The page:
Hey Mother Death | Throbbing Gristle | Brian Eno


What makes you the MD of the year?

What 3 albums are you listening to right now?

James Calvet (KVCU)
College Radio has been an integral part of not only but my young adult life. As a member of the Radio 1190 team, we collectively focus on emphasizing community, education and music both on-air and outside the station. As a Music Director, I work closely with my team to create a collection of music played on-air that reflects these ethics. KVCU has historically been disconnected with the population of the University of Colorado and Boulder, a trend that the current team at KVCU has been working to bring to an end. Along with staying up to date with charts and promoters, I incorporate tons of local music into rotation. Along with my weekly local show I book two local bands every week. One performs live on-air in the studio and the other plays at a local coffee shop we have recently partnered with. Outside the realm of the station, the Radio 1190 team throws frequent house shows that feature Boulder, Denver and touring bands and ultimately connect different local communities. In the time that I have worked at KVCU, my team and I have created a culture that is focused on independent community, education and music that I'm proud to be a part of.

Ought - Sun Coming Down | Thug Entrancer - Wage Mage/Entropy EP | Albert Ayler Trio - Spiritual Unity
Chloe Croom (WLUW)
I wanted to transfer schools until I found WLUW. It was full of weirdos who wore mesh and wanted to read my tarot cards and dance to Wreckless Eric with me. From then on, I knew that I wanted everyone to know how amazing my station of weirdos was. Becoming music director a year and a half ago was the perfect opportunity to carry on the legacy and spread the gospel of WLUW. For me, being “good” at my job or “deserving” a CMJ nomination is more than just submitting my charts and adds on time or responding promptly to promoters’ emails. What makes me a good music director is that I love my radio station more than anything else. (I’ve literally cried and slept at my station more than once). I have worked extremely hard to make sure our university, city, and the larger industry take WLUW seriously and see why it is such a special and magical place. The daily tasks of an MD are a joy for me, because I would rather be chatting with a promoter than preparing an expository speech for my public speaking class any day of the week. So receiving this nomination is a true honor, but if my legacy is just “the weird radio girl” at Loyola, I’d be totally okay with that.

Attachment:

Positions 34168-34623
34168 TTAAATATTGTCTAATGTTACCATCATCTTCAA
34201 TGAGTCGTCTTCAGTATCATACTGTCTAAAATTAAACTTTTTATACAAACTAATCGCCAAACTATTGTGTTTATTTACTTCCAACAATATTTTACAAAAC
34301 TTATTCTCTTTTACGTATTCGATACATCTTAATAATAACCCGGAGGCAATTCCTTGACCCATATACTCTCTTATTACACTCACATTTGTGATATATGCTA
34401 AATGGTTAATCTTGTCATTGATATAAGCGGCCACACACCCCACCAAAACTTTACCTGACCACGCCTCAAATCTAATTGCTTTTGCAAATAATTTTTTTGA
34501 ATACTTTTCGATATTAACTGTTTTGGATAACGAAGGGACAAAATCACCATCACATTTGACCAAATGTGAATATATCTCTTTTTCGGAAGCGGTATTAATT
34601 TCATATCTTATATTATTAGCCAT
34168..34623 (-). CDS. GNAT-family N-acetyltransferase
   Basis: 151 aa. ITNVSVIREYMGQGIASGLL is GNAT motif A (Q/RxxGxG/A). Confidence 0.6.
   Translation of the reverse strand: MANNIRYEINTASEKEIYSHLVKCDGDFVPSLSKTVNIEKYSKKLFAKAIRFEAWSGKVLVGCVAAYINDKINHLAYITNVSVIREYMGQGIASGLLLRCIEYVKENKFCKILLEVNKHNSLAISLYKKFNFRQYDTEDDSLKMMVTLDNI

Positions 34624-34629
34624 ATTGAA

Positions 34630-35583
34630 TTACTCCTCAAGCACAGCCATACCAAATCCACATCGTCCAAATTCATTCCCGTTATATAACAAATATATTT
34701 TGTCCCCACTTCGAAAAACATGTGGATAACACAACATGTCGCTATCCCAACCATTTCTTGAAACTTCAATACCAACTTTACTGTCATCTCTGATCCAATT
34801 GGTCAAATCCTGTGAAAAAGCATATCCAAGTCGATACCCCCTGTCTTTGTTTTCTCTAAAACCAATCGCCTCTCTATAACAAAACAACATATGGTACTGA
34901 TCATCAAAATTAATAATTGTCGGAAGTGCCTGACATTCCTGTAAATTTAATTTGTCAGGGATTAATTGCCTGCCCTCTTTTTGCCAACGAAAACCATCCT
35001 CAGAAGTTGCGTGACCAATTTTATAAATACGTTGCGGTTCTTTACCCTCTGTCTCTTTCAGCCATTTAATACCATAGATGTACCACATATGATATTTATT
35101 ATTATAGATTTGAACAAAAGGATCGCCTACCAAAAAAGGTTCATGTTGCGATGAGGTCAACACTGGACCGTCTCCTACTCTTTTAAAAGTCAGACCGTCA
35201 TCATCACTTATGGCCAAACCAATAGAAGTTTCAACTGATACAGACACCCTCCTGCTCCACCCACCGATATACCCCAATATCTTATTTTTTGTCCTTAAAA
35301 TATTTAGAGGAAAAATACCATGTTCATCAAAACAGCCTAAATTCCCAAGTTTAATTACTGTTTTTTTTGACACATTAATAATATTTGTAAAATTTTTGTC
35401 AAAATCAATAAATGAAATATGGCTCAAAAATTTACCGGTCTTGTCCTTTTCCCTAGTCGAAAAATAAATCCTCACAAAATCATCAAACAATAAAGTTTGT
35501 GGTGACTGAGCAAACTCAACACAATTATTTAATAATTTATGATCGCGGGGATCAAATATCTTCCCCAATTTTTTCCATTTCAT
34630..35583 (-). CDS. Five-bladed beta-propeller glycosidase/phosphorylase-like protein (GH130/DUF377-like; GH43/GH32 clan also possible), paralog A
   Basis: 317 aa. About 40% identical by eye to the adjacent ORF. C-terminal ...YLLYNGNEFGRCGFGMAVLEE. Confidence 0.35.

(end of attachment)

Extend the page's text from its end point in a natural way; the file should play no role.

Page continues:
Cut Worms - At Home | Todays Hits - Todays Hits | Harry Nilsson - Nilsson Schmilsson
David Wolfson (WVFS)
I'm the greatest Music Director of all time. Nah, but in all seriousness, I won't purport to know whether I deserve this over the other MDs. If you think someone else has done more for their station and community than I have, please vote for them over me. However, if you don't think that, feel free to toss some votes my way! In the past year at WVFS, I've mended a tenuous relationship between my station and my school's student-run venue, created a public archive of WVFS recordings and memorabilia, booked two successful station events, and been a huge supporter of local music in all the avenues I'm able to. I've also booked and interviewed dozens of bands myself, both at WVFS and for DIY shows here, and just over a year ago, I helped my station transition to a new website. To be straightforward, I am just a person who really loves his station, his town, and all the musical opportunities these things have afforded him. While awards are nice, for me, the true value of my MD-ship is in what I’m able to give back to my community. Which I’m happy to say is everything I‘ve got.

The Spirit of the Beehive - You Are Arrived (But You've Been Cheated) | Ex-Breathers - Past Tense | Alex G - Beach Music
Emmi McIntyre (WWVU)
This job is not easy and any MD can tell you, working late hours, weekends and keeping a part-time job between school and relationships all while trying to give the station the time it deserves. Over the past summer and now fall semester that I have been Music Director, it was been my primary goal to get involved in every aspect of what makes this station great, such as going above and beyond to create a physical rotation that all our DJs can find their favorite new music in. I work to keep a diverse selection available while still staying true to our dedication to the new and alternative. I have worked to redesign our website, organize student showcases such as the one we will have for College Radio Day, host a weekly CMJ chart countdown show and constantly look for new things our station can participate in around campus and the community.